IE 11 is not supported. For an optimal experience visit our site on another browser.

It's not too late to get your taxes done

“Today” financial editor Jean Chatzky has tips for last-minute filers.
/ Source: TODAY

Haven't filed your taxes yet? Well, you're not alone. In fact, there are 40 million Americans in your company according to the IRS. “Today” financial editor and Money magazine editor-at-large Jean Sherman Chatzky has tips to get your taxes done and beat the deadline.

How much time do you have? 
You have to file by midnight on April 15. That means your return has to be postmarked — or alternately, you can file electronically until midnight — by April 15. The IRS is making a big push, as it has been the last couple of years, to encourage people to file electronically. They're aiming to meet the government's goal of having 80 percent of people file electronically by the year 2007 and they're making good progress. This year more than 50 percent of people are filing electronically — many of them using the Free File Service that makes e-filing free. You can find a list of the 17 private companies offering Free File by going to the Web site of the IRS at IRS.gov.

If you haven't started, what's your best move? 
If your taxes are relatively simple, go the electronic route by using a tax software program or Web site like TurboTax.com. Not only does this slash your filing time dramatically, but using tax software and then e-filing reduces your chances of making mistakes to 1 percent. Returns that are filled out by hand — paper returns — have an error rate of 20 percent.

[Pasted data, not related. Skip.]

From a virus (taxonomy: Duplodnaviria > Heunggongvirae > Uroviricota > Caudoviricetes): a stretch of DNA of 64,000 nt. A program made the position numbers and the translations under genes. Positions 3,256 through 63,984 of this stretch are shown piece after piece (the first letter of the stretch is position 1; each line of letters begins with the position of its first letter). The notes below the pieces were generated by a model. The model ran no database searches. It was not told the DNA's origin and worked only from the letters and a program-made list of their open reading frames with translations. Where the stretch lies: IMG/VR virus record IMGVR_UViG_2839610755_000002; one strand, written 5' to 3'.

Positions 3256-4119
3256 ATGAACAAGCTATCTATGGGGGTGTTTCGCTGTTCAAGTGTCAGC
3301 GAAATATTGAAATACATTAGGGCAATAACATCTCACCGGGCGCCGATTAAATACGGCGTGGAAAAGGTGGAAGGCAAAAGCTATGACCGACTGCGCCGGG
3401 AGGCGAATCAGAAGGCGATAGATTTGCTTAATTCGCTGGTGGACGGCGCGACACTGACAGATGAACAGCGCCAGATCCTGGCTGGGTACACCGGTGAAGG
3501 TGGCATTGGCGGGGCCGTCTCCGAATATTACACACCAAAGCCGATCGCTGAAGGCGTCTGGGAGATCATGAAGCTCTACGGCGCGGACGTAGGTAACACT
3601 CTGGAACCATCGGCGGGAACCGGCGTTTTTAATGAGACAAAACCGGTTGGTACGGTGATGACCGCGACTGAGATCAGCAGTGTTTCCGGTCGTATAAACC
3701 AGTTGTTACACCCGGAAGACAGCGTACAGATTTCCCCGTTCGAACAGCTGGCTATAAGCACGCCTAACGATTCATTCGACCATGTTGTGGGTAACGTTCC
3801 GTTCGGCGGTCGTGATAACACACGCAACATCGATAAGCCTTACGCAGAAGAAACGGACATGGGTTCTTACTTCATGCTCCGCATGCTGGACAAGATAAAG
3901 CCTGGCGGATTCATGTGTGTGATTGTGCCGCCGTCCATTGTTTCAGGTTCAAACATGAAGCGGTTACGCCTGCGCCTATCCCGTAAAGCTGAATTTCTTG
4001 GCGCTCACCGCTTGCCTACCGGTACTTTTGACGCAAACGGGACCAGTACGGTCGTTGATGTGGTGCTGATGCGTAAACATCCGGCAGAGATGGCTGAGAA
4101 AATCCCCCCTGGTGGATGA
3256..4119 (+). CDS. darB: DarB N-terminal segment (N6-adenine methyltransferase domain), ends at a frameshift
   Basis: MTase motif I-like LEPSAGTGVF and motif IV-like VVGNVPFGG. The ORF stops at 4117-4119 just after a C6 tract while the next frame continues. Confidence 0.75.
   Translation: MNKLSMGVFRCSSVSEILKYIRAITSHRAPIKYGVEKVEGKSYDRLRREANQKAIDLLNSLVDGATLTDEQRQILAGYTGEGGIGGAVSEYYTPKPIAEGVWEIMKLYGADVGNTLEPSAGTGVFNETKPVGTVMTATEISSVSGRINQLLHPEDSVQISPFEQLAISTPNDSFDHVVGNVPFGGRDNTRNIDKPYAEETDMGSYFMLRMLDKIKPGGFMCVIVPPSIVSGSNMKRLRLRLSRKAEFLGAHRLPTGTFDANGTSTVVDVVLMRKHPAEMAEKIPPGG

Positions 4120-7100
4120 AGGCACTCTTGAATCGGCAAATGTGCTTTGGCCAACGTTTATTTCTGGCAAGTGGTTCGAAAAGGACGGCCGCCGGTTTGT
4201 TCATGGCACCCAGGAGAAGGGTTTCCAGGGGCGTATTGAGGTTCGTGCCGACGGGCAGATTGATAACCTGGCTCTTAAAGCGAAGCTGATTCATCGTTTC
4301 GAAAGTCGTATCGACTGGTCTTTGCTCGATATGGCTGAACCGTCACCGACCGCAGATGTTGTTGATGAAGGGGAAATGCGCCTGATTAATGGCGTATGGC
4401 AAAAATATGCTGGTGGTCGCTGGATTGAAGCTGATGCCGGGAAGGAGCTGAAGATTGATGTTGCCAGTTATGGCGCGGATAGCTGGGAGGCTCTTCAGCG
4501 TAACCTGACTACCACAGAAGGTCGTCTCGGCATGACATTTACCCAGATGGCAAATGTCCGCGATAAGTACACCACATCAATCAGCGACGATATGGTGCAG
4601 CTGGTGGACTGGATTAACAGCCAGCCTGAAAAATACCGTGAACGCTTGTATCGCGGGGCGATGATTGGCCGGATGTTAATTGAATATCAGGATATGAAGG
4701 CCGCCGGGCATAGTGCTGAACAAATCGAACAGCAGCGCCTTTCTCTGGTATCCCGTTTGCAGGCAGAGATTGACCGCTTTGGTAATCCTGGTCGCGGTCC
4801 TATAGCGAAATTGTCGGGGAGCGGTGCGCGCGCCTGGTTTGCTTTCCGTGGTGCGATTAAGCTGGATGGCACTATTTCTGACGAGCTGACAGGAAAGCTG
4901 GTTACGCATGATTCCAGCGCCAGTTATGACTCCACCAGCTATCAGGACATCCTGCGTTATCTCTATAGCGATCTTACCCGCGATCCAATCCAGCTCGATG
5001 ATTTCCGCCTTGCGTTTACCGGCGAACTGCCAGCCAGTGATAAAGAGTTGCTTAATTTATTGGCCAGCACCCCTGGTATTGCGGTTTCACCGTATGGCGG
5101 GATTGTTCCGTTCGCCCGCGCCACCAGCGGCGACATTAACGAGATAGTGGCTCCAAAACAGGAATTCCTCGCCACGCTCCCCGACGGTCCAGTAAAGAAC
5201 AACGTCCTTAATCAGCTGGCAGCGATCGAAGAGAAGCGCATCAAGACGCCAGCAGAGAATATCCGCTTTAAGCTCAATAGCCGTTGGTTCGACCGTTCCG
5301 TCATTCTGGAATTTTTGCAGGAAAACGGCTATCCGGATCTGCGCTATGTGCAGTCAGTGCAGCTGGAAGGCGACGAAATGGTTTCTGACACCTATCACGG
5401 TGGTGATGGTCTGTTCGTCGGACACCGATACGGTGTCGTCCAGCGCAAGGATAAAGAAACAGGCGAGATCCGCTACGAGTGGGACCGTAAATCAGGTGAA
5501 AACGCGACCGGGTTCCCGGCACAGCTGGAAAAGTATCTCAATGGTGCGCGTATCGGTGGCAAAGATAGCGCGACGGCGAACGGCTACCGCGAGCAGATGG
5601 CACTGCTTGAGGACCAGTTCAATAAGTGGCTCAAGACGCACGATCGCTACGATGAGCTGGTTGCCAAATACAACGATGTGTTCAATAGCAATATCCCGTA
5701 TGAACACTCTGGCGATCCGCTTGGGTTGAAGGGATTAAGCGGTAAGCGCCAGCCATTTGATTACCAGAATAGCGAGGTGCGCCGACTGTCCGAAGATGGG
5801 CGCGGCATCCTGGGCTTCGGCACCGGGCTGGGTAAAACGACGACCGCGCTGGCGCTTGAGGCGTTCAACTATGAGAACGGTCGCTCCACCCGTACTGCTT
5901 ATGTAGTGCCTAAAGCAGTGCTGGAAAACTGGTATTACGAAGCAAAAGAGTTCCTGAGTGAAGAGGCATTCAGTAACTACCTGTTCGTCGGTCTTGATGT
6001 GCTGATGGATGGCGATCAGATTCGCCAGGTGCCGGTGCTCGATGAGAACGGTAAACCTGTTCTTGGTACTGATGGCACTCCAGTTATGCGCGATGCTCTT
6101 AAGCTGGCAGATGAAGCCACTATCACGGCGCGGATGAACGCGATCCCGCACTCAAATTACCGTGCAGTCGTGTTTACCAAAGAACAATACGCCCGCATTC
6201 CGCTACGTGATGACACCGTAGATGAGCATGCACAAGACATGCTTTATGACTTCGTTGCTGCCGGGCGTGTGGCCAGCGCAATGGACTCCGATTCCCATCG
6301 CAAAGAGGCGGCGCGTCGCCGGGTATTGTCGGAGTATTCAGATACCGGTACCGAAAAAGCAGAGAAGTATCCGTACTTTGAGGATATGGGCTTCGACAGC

What about tax preparation services like H&R Block?
We spoke with the folks at H&R Block and they say they'll stay open until the last client is served, all the way up to the midnight deadline if need be. Calling ahead to confirm is probably a good idea. If you go to an H&R Block office — or any other tax prep company — it's important to be sure that you have all of your documents with you. So get organized before you head in.

What sort of mistakes are people making? 
The big mistake this year — and it's one that 2 million Americans have made so far — is with the Child Tax Credit. Last summer 25 million Americans got checks from the IRS that were advances on their 2003 Child Tax Credit. If you received one of those, you have to remember to account for it on line 49 of your form. If you don't do it, the IRS will make the correction for you, but it will slow your refund. Make sure you double check social security numbers and double check your math for accuracy. You should also double check the fact that you've signed your return. These types of mistakes are — and I don't want to beat a dead horse — yet another reason e-filing pays off. The IRS computers can match social security numbers as they come in. If you're missing a digit or have transposed a digit, your return will be bumped back to you immediately and you'll have a chance to correct the mistake.

What if you can't make the deadline?
If you can't make the deadline, then you can request an automatic extension by filling out form 4868. This form, like all others, is easily accessible at IRS.gov, though you can also pick many forms up at libraries and post offices. However, an extension is an extension to file, it's not an extension to pay. If you owe the IRS money, you have to pay at least 90 percent of it by the tax deadline or risk being subject to late payment penalties and interest currently running 5 percent a year. How do you know how much that is? A good rule of thumb is to use the amount you owed last year, particularly if your situation hasn't changed.  But by all means, file even if you can't pay. The penalty for not filing on time is 5 percent per month of the balance owed. If you file more than 60 days late, the minimum penalty is $100 or the balance due, whichever is less.

Finally, the IRS says it's not necessary to send your return by return receipt mail — though you may want to do that for your peace of mind. If you e-file, you'll get an electronic return receipt within 48 hours.

Jean Chatzky is the financial editor for “Today,” editor-at-large at Money magazine and the author of “Talking Money: Everything You Need to Know About Your Finances and Your Future.” Copyright © 2004. For more information, go to her Web site, .